With the same method used above, it can be proved that the static multi-epoch DD and SD models under a non-common clock scheme are also equivalent. Owing to this equivalency, in the following sections we use the non-common clock SD model to represent the DD model for comparison.

#### 2.2. Comparison between Non-Common Clock SD and Common Clock SD without UPD

Under the common clock scheme, the receiver clock error is canceled out by forming SD, thus only UPD is included in parameter

u. [

20] provided the comparison of formal uncertainty expressions between the non-common clock SD and the common clock SD without UPD (UPD = 0). Assume UPD = 0, the measurement equation of the common clock SD is:

The baseline vector solution and its covariance matrix are:

For comparison, we rewrite the Equation (2) of the non-common clock SD model:

where

$M={A}^{T}A,v=\frac{1}{\sqrt{n}}{A}^{T}{e}_{n}$. With the matrix inversion lemma, we have:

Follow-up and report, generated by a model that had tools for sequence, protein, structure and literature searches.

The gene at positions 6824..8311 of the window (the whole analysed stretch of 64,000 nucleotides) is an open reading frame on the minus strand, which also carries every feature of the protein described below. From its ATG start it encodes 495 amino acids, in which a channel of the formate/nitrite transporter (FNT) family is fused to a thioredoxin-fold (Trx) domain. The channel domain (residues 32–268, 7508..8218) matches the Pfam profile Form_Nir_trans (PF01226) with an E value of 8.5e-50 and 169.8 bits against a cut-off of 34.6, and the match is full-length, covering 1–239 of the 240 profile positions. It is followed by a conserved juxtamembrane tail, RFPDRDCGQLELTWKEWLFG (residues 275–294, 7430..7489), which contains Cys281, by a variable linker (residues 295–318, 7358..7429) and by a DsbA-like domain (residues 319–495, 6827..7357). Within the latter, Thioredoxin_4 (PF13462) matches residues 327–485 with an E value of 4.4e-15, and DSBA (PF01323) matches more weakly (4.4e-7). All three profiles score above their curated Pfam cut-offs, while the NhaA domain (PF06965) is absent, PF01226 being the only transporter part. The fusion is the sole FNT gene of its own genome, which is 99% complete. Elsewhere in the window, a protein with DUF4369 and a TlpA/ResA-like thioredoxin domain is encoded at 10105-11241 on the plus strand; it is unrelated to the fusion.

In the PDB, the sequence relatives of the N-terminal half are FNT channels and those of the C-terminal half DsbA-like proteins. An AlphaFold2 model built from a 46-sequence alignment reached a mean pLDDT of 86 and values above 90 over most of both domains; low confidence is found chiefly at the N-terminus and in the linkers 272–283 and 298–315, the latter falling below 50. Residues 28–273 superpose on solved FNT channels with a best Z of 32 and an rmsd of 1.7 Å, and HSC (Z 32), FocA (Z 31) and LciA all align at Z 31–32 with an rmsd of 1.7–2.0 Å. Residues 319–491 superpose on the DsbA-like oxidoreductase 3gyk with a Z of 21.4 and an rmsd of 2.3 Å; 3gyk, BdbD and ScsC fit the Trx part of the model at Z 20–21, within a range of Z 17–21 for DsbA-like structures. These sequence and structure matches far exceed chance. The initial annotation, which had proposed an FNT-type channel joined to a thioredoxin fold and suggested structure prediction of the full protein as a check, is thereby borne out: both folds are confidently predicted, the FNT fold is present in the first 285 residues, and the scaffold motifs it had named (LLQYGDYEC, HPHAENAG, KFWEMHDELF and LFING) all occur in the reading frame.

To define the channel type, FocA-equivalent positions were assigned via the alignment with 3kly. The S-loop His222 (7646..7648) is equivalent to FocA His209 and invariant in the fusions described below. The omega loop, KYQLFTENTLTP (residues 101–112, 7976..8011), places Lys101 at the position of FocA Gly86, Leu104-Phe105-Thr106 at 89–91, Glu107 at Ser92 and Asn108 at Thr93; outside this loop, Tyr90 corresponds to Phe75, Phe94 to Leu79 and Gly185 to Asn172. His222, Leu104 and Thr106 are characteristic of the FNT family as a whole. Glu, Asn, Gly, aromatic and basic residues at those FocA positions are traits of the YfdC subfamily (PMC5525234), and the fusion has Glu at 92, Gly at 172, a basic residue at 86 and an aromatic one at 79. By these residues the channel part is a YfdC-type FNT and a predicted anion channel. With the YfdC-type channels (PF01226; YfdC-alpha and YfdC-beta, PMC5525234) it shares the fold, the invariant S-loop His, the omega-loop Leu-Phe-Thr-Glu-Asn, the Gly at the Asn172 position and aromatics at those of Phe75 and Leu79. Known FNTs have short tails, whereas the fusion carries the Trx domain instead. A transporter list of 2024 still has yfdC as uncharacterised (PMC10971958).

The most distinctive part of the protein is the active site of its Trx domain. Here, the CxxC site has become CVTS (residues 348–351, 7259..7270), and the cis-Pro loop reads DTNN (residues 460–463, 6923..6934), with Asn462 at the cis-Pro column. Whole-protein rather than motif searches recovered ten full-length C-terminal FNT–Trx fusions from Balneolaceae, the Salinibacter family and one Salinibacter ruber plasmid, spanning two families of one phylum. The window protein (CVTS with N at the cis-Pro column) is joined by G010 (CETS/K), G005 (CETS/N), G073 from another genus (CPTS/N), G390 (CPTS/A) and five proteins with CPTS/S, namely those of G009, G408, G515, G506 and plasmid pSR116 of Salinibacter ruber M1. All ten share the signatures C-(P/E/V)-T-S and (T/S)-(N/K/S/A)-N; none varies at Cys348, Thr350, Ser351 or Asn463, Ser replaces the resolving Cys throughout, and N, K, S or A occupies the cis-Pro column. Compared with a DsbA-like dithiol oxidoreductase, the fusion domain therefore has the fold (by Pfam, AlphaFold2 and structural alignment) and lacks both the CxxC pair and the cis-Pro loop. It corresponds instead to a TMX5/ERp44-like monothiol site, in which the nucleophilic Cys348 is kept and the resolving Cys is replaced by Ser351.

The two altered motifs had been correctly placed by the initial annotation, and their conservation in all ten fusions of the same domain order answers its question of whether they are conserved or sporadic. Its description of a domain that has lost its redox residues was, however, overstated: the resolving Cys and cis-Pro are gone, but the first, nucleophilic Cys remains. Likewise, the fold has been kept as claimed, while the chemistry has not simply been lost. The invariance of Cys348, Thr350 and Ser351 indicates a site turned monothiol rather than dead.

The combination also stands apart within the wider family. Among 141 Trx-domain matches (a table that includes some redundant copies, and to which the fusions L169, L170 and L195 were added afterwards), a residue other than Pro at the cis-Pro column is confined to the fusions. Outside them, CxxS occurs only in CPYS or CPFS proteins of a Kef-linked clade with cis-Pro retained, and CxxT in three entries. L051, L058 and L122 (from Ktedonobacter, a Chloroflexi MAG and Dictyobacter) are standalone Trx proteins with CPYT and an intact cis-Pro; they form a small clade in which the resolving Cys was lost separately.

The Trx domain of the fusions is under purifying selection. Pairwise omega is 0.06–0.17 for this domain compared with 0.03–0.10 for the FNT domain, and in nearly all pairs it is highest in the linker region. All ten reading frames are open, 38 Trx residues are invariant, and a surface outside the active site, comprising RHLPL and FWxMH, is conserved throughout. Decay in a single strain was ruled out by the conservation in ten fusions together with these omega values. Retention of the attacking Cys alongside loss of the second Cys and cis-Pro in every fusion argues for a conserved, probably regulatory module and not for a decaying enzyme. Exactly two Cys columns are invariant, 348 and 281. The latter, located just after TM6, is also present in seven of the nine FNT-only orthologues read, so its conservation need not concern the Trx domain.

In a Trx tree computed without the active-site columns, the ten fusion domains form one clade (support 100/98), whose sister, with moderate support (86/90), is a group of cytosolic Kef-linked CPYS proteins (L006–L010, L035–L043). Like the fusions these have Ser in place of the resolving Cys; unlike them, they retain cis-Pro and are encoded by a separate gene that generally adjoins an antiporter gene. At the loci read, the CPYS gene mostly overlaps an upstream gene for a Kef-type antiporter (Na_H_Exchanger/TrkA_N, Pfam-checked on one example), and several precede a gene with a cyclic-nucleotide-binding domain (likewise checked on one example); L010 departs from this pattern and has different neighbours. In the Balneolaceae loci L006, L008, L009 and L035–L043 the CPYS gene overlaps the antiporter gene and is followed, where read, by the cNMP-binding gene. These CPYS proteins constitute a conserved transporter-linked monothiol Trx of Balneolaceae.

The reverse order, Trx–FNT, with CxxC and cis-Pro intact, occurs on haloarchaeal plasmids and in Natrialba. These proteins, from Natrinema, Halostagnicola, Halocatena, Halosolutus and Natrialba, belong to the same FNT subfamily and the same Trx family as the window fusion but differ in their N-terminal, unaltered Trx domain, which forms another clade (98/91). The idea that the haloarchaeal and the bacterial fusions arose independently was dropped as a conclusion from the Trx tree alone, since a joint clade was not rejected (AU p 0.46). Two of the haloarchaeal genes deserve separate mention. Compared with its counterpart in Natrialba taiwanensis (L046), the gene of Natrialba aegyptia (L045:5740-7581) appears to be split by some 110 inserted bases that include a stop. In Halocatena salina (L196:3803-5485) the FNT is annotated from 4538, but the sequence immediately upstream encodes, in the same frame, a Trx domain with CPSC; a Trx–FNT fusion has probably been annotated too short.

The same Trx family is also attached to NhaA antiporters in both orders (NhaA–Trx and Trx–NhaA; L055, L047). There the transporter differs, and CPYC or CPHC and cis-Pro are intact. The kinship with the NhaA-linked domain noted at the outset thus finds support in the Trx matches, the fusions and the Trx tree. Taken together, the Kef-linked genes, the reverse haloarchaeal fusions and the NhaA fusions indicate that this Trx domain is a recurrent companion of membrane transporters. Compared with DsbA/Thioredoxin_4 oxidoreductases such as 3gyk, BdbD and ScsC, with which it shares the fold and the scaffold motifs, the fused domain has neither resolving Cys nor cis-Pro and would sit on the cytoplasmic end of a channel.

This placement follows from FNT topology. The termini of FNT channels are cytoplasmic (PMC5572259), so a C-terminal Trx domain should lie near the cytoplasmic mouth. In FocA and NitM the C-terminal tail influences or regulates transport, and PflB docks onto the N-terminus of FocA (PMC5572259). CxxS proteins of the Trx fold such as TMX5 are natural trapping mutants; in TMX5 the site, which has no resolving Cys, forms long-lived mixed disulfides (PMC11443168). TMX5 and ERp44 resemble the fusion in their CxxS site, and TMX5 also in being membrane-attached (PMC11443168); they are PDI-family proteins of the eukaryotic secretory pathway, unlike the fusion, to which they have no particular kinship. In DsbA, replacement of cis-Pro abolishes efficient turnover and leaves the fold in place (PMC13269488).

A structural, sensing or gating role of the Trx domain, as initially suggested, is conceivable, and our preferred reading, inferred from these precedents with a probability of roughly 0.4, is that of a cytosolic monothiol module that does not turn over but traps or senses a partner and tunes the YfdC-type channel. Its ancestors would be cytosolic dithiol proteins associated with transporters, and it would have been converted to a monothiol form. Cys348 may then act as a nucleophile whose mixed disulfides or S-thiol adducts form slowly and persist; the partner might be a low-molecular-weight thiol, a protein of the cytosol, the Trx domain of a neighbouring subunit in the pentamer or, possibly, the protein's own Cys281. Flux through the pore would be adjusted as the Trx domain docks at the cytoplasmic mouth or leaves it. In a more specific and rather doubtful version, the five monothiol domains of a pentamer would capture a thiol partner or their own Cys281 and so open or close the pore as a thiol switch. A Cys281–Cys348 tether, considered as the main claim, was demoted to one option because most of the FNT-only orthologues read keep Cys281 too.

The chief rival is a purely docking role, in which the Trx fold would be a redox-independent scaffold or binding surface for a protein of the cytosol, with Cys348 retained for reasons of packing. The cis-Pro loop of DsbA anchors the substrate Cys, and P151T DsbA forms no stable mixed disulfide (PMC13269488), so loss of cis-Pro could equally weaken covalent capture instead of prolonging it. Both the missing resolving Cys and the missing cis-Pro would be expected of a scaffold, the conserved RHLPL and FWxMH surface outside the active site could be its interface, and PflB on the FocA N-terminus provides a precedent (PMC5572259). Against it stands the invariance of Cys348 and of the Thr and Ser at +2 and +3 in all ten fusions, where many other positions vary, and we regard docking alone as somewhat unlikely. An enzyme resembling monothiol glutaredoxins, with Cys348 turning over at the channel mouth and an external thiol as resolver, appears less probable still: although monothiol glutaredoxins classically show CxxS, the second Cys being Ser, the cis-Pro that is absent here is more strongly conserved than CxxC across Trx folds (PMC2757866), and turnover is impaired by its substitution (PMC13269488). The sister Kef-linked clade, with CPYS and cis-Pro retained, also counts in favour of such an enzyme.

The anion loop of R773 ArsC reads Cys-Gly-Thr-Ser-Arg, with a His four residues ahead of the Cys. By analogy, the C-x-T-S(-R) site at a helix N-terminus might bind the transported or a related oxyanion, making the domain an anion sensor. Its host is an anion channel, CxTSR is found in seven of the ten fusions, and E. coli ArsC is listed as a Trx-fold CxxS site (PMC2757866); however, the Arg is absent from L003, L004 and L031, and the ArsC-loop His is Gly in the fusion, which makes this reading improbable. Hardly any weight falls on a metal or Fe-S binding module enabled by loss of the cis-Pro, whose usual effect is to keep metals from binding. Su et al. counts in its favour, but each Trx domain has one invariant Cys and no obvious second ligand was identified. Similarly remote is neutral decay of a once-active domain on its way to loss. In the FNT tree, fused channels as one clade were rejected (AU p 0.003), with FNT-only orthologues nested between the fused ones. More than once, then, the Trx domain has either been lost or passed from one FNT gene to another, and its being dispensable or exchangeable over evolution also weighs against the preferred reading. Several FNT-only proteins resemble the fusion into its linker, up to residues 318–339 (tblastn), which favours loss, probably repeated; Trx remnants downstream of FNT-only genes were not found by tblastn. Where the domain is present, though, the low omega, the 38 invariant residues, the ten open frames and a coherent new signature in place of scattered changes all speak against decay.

It’s easy to find that the first term on the right side of Equation (13) is the same as the baseline solution covariance matrix of the common clock SD model (Equation (11)) and the second term represents the formal uncertainty difference between the non-common clock SD model and common clock SD model without UPD. From the theoretical discussion of [

20], the second term of Equation (13) is always positive, hence the formal uncertainty from the non-common clock SD scheme is always larger than that from the common clock SD scheme without UPD. Geometrical analysis indicates that the difference of formal uncertainty is distributed primarily in the up direction. Here we further evaluate the differences of baseline solutions between the non-common clock SD scheme and the common clock SD scheme without UPD.

Substituting Equations (9) and (11) into Equation (10), we obtain:

Also, substituting Equations (1) and (2) into Equation (3), the estimation of baseline vector is:

where

$\delta b$ is the true value of baseline solution. The second term on the right side of Equation (14) shows that the deviation of the baseline estimation from the common clock SD is only related to the SD observation errors

$\epsilon $. If we regard

${\left({A}^{T}A\right)}^{-1}$ as the weight matrix, the deviation of baseline solution is the weighted average of